Plan sponsors’ executives are taking decisive action to reduce exposure to pension financial risk, according to a survey of 177 financial officers conducted by CFO Research in conjunction with Mercer.
Many large companies are reorienting their DB plans to outcome-based strategies ensuring steady, if not spectacular progress in improving their funded status and better protecting their plans from the uncertainty of market swings.
About half the companies represented in the survey (49%) are currently matching the duration of fixed-income investments to DB plan liabilities and 43% are employing dynamic de-risking which shifts assets into lower-risk categories as the company’s funded ratio improves.
“Overall, we see plan sponsors moving toward ‘outcome-based’ objectives, with a clear road map for getting from their current state to a desired level of risk over the next several years,” said Jonathan Barry, Mercer’s US Retirement DB Risk Leader. “They are adopting a more holistic approach to risk management which integrates plan design, risk transfer and investment management strategies.”
“As funded ratios improve, additional de-risking becomes both more attractive and more feasible,” Mr. Barry noted. “At the end of May, 2013, pension funding levels for the S&P 1500 stood at 86%, the highest level in nearly two years. This compares to an estimated 74% at December 31, 2012, and the record low of 70% at the end of July, 20121. This improvement dovetails nicely with feedback we are getting from clients who have implemented a glide path strategy. They are reaping the rewards of this rapid improvement.”
“This also highlights the benefit of having a nimble execution process in place ahead of time to capitalize on market changes as they arise,” said Richard McEvoy, a Partner in Mercer’s Investment business. “Mercer has executed over 100 dynamic de-risking triggers on behalf of clients since the financial crisis, with a significant uptick in activity as funding levels have improved.”
Until 2012, many companies remained either reluctant or unable to transfer portions of their DB portfolios to third parties, such as insurance companies, in the form of annuities or lump-sum cashouts. However, favorable changes in legislation combined with the high-profile risk transfer actions taken by General Motors and Verizon in 2012 have expanded the array of options for sponsors to consider as they manage the overall risk of their plans.
Some 69% of the respondents to the CFO Research survey said that they are somewhat or very likely to offer lump-sum distributions to current employees at some point in the future, while 67% said they are somewhat or very likely to offer lump sums to former employees who are yet to retire.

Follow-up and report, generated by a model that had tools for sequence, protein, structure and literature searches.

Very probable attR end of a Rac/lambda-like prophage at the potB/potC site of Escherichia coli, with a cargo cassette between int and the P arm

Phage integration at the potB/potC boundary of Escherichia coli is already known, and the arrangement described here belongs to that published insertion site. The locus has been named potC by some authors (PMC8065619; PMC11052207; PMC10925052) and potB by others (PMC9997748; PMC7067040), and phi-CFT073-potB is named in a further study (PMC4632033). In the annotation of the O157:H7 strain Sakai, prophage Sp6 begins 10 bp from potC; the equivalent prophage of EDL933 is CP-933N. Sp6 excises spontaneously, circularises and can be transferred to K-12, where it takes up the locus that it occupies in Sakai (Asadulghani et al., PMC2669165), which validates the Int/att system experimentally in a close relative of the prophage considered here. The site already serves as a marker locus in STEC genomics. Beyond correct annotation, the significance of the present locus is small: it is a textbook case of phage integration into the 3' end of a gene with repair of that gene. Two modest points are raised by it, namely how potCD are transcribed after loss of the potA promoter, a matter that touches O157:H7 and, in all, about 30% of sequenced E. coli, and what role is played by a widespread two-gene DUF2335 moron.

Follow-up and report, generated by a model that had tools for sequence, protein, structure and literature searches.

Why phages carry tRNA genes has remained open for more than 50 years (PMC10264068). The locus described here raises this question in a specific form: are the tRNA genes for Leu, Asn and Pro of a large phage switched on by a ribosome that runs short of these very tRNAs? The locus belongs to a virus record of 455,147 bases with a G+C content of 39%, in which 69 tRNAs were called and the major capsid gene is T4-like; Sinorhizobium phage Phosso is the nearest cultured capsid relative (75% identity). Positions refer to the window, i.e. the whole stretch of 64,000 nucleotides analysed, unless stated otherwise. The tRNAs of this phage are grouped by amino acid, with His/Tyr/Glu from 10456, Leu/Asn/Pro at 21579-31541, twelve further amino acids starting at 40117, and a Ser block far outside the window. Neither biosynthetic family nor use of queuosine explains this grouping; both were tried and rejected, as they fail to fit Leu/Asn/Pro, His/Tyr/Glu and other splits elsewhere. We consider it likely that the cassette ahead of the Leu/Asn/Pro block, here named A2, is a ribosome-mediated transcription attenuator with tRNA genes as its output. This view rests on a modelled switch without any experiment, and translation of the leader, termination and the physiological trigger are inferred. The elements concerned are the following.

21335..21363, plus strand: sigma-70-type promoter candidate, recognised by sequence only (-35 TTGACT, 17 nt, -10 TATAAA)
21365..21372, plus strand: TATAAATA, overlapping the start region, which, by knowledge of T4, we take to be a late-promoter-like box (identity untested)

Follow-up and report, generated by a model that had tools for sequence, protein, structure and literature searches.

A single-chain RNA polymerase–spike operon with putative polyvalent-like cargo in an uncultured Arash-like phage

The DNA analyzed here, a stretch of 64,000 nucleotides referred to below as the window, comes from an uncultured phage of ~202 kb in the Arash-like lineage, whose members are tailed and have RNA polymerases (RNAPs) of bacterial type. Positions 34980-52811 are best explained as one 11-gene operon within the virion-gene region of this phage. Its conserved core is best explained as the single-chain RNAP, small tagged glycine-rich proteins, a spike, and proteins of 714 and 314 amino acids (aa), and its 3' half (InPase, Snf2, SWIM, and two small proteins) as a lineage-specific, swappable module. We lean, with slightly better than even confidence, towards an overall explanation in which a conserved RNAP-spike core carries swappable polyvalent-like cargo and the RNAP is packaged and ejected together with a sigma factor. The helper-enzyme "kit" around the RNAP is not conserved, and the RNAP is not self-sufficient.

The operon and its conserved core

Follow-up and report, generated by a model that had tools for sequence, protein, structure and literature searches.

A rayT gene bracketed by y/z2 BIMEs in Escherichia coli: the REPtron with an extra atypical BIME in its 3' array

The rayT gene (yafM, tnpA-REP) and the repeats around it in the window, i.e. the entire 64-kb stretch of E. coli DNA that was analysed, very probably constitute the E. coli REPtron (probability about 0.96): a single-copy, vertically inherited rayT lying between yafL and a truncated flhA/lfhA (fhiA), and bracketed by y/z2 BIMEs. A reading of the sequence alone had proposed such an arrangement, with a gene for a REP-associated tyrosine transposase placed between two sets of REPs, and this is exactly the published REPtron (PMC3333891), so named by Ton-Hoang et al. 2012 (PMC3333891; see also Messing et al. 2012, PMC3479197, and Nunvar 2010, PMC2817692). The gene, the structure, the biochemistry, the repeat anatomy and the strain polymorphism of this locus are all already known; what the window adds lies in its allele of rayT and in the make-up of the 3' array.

Nearly half of respondents (48%) said their companies were very likely or somewhat likely to purchase annuities or transfer liabilities to a third party in the next two years. A similar number (45%) of respondents said the pension risk transfer transactions of such large companies as GM and Verizon had made this option seem more viable.
A significant number of survey respondents (37%) cited current low interest rates as a current disincentive, with only 14% of respondents anticipating meaningful increases in interest rates over the next 12 months.
The Mercer US Pension Buyout Index2 features monthly average pricing information from independent third-party insurers. It allows plan sponsors to see how the approximate current cost of the purchase of annuities changes over time and to evaluate the cost of a buyout against the administrative costs, PBGC premiums and risks of holding pension fund liabilities for retirees. When these factors are taken into account, Mercer believes annuitization may be attractive. Indeed, in some situations, the cost to buyout these liabilities through annuities may actually be lower than the accounting liability plus administrative and management expenses. The reward may be a significant reduction in balance sheet risk.
1The May 31, 2013 funding release may be accessed at http://www.mercer.com/press-releases/1531360.
2The Mercer US Pension Buyout Index may be accessed at www.mercer.com/US-pension-buyout-index
Notes on Survey Methodology
In March 2013, CFO Research, in conjunction with Mercer LLC, surveyed senior finance executives at U.S. companies to examine the progress companies have made in managing their defined benefit (DB) plans and their outlooks for their paths forward. This research follows on a similar study sponsored by Mercer in 2011. For this year’s study, the firm collected 177 qualified responses to the survey, from finance executives employed at companies and nonprofit organizations with annual revenue of $500 million or more and defined benefit plans with $100 million or more in assets. CFO Research also conducted an interview program with 10 senior finance executives at large North American companies with DB plans.
Mercer is a global consulting leader in talent, health, retirement and investments. Mercer helps clients around the world advance the health, wealth and performance of their most vital asset – their people. Mercer’s 20,000 employees are based in more than 40 countries. Mercer is a wholly owned subsidiary of Marsh & McLennan Companies (NYSE: MMC), a global team of professional services companies offering clients advice and solutions in the areas of risk, strategy and human capital. With 53,000 employees worldwide and annual revenue exceeding $10 billion, Marsh & McLennan Companies is also the parent company of Marsh, a global leader in insurance broking and risk management; Guy Carpenter, a global leader in providing risk and reinsurance intermediary services; and Oliver Wyman, a global leader in management consulting. For more information, visit www.mercer.com. Follow Mercer on Twitter @MercerInsights.